A couple of months ago, Thai Duong wrote an interesting post about
problems with the AWS Encryption SDK. Most of it goes way over my head, but my
curiosity was piqued by the mention of reverse-engineering the format of the
“ciphertext” returned by KMS
Encrypt. There wasn’t much detail on
that (it wasn’t the primary topic) so I thought I’d do some digging into it.
I haven’t dug into this too much, but I thought I’d share what I have so far as I’ve yet to find any other resources on this. My hope is that someone else is able to build upon this and publish something much more useful and interesting.
Some points worth calling out, in no particular order:
I was surprised by how much “overhead” there is, i.e. how many bytes there are that I can’t seem to change. There’s at least 52 bytes that don’t change, regardless of plaintext, key ID, region or encryption context.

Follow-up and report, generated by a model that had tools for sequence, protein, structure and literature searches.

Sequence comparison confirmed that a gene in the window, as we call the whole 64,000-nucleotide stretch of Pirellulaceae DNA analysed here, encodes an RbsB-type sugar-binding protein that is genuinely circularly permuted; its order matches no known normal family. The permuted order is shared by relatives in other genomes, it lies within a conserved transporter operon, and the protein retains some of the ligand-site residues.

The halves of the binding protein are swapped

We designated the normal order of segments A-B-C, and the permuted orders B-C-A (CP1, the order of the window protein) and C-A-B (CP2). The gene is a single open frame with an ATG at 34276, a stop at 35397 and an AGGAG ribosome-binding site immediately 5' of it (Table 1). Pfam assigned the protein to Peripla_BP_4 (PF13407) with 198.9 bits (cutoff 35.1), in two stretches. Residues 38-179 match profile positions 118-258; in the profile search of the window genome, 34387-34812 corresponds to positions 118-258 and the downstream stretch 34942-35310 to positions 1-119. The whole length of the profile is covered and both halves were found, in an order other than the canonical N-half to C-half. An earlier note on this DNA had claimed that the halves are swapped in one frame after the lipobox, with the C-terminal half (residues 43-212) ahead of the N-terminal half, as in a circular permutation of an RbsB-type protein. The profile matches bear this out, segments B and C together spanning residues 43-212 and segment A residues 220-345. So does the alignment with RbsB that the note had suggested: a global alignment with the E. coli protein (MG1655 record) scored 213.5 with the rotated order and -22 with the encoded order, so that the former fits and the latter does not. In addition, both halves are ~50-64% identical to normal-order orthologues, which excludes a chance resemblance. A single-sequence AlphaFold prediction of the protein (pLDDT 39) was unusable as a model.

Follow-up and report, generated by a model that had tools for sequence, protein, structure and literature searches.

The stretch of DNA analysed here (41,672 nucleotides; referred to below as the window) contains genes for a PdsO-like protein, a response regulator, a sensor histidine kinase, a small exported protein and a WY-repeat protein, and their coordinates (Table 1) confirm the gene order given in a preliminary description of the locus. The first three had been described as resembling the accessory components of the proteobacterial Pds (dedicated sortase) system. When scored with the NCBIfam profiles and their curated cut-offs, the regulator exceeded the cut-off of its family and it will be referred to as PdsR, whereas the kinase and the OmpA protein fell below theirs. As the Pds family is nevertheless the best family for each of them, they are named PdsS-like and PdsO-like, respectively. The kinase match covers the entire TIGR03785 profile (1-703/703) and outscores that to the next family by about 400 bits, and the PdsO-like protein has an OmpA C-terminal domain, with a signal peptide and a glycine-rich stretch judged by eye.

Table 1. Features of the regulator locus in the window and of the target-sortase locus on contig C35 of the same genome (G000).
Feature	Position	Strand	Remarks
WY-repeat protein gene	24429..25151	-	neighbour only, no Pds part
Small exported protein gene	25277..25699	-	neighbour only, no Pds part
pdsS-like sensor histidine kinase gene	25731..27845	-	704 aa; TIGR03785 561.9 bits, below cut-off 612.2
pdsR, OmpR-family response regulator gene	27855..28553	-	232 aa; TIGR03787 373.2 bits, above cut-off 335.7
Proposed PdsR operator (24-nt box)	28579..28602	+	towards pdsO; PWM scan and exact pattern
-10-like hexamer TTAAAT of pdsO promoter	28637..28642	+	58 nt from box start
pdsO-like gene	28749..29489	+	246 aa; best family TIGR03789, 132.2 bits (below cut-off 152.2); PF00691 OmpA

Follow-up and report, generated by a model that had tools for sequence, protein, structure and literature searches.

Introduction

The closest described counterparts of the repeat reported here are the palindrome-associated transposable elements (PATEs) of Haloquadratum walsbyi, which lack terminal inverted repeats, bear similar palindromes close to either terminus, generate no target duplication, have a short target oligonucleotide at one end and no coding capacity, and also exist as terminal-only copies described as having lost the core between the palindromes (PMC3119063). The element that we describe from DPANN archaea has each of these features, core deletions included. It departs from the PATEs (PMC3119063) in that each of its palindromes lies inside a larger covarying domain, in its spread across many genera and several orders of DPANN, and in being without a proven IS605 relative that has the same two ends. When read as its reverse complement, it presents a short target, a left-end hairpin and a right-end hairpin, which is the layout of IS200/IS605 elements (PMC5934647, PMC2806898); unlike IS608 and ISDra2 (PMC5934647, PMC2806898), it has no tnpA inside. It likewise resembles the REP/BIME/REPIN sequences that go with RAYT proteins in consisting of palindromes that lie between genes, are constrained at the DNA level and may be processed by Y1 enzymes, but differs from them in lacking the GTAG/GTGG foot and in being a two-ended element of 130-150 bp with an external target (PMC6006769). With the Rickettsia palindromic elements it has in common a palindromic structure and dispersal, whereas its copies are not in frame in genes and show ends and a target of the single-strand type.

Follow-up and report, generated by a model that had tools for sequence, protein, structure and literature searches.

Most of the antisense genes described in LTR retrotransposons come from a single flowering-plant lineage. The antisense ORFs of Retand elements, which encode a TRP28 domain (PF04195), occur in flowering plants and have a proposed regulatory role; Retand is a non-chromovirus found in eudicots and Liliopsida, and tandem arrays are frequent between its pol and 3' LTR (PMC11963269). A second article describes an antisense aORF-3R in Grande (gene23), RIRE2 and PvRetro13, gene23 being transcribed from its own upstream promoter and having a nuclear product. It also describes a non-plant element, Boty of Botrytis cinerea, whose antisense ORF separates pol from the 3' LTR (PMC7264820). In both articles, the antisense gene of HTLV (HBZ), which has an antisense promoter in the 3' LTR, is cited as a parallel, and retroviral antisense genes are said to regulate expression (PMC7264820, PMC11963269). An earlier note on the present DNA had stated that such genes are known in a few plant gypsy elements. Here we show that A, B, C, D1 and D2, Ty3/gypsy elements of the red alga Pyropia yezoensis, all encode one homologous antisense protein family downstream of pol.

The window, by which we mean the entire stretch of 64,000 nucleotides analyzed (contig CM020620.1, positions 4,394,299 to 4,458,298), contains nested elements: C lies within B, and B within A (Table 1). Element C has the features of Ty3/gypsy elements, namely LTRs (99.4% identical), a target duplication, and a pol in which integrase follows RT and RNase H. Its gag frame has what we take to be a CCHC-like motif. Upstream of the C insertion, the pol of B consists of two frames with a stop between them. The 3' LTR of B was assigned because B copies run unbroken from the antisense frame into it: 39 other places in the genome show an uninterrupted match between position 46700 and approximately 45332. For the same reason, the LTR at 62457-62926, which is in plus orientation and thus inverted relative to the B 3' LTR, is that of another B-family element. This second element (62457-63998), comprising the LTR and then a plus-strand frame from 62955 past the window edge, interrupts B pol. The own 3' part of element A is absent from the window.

The bytes that change with the key ID are 33 bytes long. They appear to be entirely random. A key ID is 16 bytes. An account ID is 12 decimal digits. I’m not yet sure if this is decipherable.
Of the fields that change on every response, there are three. One is 16 bytes, one is 12 bytes and the other is the length of the plaintext + 28 bytes. The 12 byte field is likely the 96-bit IV used for the AES-GCM algorithm that KMS performs. I think that part of the 28 bytes is the 16 byte authentication tag emitted by AES-GCM. And the 16 byte field is the nonce used to derive the data encryption key using SP800-108 as per the KMS docs. But I really don’t know what I’m talking about.